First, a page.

Quotes: what our partners in reform are saying.
The COVID-19 lockdown has highlighted century-old regulations slowing down commerce. The ABA is currently working to enable people to get a mortgage and do business digitally, including using electronic signatures.
Governments have enacted emergency regulations during the pandemic to allow essential transactions to occur electronically. Those changes should stay for the benefit and convenience of people and businesses.
Customer benefits: e-transactions & e-signatures
- Faster turnaround times
- Accessibility options for people with disabilities
- Additional security features
- Convenience and less runaround
The need for paper signatures and for documents to be witnessed in person have created delays and other difficulties for people and businesses. This includes difficulties in having documents witnessed in person, delays in receiving documents by post, and signing documents while in quarantine. Many of these delays and costs were exacerbated by, but not limited to the pandemic.
Key changes sought: e-transactions
- Deeds should be able to be created and signed electronically.
- Electronic signatures rather than paper signatures should be able to be used for a broader range of legal and business documents.
- Remote witnessing should be legally valid.
- Emergency changes should be made permanent.
Reforms in progress: e-transactions
|Government|| Emergency legislation|
- The Commonwealth Treasurer has issued a determination that allows split electronic execution of company documents.
- NSW has passed emergency regulations allowing documents to be witnessed remotely, and has legislation that enables broader reforms including electronic deeds.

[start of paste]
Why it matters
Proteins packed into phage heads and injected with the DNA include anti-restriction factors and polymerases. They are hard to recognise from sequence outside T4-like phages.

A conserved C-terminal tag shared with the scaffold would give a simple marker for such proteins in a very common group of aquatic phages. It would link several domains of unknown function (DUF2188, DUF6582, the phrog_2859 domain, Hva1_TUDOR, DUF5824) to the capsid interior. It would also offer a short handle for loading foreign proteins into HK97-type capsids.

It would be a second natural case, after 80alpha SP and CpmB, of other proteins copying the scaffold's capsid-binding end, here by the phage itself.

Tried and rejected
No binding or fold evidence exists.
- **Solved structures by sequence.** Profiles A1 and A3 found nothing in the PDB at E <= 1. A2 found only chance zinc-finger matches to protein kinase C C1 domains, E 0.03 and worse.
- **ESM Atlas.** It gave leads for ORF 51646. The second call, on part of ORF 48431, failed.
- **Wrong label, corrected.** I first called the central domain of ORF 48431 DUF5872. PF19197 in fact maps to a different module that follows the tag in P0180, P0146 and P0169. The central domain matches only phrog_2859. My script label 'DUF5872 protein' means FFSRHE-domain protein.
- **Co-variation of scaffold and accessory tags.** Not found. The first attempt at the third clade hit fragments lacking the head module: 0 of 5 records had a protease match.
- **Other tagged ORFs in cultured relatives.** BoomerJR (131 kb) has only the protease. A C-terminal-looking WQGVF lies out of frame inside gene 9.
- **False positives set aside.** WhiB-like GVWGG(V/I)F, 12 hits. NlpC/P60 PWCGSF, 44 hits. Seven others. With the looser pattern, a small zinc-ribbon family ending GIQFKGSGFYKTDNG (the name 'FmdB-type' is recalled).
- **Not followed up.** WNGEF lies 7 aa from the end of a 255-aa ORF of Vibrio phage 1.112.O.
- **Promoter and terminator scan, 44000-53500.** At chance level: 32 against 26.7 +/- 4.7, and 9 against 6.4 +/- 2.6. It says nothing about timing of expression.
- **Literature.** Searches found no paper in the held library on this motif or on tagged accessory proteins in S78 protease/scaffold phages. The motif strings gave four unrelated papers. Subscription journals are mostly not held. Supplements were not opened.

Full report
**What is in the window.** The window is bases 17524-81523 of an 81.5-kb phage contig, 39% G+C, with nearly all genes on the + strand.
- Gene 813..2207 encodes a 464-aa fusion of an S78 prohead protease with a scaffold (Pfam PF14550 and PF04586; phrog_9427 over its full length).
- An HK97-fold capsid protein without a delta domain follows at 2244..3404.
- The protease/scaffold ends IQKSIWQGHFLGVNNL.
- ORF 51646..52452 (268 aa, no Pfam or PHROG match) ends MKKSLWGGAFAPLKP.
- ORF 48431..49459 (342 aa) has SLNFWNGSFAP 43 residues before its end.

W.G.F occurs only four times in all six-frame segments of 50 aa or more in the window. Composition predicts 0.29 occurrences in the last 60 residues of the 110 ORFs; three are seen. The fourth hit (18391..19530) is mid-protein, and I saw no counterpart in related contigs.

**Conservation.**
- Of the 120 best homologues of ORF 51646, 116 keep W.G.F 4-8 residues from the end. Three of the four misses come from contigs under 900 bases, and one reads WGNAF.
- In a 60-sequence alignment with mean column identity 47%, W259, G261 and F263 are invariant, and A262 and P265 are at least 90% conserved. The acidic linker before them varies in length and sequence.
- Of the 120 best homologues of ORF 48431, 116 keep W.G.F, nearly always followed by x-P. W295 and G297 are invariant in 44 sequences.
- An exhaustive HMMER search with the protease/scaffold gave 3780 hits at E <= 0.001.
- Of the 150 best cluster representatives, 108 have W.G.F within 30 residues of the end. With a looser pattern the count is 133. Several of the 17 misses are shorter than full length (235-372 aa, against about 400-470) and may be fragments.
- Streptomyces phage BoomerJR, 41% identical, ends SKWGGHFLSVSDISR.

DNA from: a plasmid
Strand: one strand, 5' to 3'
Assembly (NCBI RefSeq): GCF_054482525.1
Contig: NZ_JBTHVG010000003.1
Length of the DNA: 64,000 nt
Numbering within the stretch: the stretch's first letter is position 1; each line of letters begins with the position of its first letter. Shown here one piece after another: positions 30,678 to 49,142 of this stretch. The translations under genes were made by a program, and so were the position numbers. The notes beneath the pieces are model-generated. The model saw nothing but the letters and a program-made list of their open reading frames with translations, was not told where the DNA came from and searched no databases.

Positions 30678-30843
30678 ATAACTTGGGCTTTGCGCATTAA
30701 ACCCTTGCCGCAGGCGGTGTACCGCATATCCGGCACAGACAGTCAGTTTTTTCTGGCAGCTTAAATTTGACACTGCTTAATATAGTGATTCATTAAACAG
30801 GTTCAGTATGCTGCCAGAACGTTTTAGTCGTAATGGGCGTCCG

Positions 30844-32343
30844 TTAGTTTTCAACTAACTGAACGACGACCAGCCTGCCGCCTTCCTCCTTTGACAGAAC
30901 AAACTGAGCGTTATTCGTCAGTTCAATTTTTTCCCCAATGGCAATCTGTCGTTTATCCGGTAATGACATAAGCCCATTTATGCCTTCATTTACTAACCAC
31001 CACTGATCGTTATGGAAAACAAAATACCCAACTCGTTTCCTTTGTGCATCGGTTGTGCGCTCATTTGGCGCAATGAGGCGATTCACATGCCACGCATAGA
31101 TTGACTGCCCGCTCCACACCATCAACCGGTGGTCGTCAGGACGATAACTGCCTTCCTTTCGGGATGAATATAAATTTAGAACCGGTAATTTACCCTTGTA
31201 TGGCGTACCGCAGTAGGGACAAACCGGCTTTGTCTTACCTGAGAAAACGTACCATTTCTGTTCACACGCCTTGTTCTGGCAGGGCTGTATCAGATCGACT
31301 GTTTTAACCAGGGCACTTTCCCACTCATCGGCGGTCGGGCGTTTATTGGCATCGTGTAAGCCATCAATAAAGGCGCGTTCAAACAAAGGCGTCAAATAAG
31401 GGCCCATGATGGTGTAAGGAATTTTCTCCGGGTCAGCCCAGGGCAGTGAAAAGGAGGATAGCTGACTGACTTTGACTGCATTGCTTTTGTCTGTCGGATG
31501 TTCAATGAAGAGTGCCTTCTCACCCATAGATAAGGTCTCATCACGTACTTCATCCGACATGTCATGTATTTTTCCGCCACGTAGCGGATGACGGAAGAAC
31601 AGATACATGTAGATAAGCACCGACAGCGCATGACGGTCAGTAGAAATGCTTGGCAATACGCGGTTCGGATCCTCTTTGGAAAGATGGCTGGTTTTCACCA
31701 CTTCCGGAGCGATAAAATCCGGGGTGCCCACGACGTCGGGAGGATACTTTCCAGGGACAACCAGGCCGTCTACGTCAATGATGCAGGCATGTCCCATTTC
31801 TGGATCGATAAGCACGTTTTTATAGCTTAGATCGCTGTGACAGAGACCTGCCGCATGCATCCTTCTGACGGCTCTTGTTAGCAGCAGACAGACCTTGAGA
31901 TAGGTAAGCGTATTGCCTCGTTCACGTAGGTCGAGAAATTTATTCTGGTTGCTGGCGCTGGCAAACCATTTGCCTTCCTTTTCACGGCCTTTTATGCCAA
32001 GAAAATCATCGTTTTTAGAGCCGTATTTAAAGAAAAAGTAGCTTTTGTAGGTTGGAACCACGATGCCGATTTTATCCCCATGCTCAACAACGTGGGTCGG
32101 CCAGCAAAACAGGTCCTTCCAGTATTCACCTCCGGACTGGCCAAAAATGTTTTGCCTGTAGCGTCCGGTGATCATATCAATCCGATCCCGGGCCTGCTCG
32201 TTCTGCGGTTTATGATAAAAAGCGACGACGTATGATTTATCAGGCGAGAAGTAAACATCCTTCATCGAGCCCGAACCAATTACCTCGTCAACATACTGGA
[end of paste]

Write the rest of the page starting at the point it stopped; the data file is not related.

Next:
- Victoria and Queensland have passed emergency regulations to allow electronic signing and remote witnessing for all documents, including deeds and mortgages.
- South Australia and Tasmania have passed emergency legislation, but are yet to implement e-transactions changes.
These changes will expire between October and November. The ABA and our coalition partners are calling on the Commonwealth and State Governments to make these changes permanent.
Mortgages can be electronically lodged with the land registry in many states. However, paper signature and in-person witnessing is still required for the counterpart mortgage: the copy of the mortgage kept by the bank and not lodged with the registry. The regulations vary between states and territories.
As society returns to business as usual, enabling banks to offer fully paperless mortgages as a normal business practice will create economic efficiencies and make banking more efficient for people and businesses.
Key changes sought: paperless mortgages
- Removing the requirement for the counter-mortgage to be signed by both mortgagor and mortgagee.
- Removing the requirement for signatures to be witnessed.
Reforms in progress: paperless mortgages
- A number of State (NSW, QLD, SA and WA) land registrars have temporarily allowed electronic signing and lodgement of documents.
- The ABA is working to ensure the counterpart or corresponding mortgage can also be fully electronic.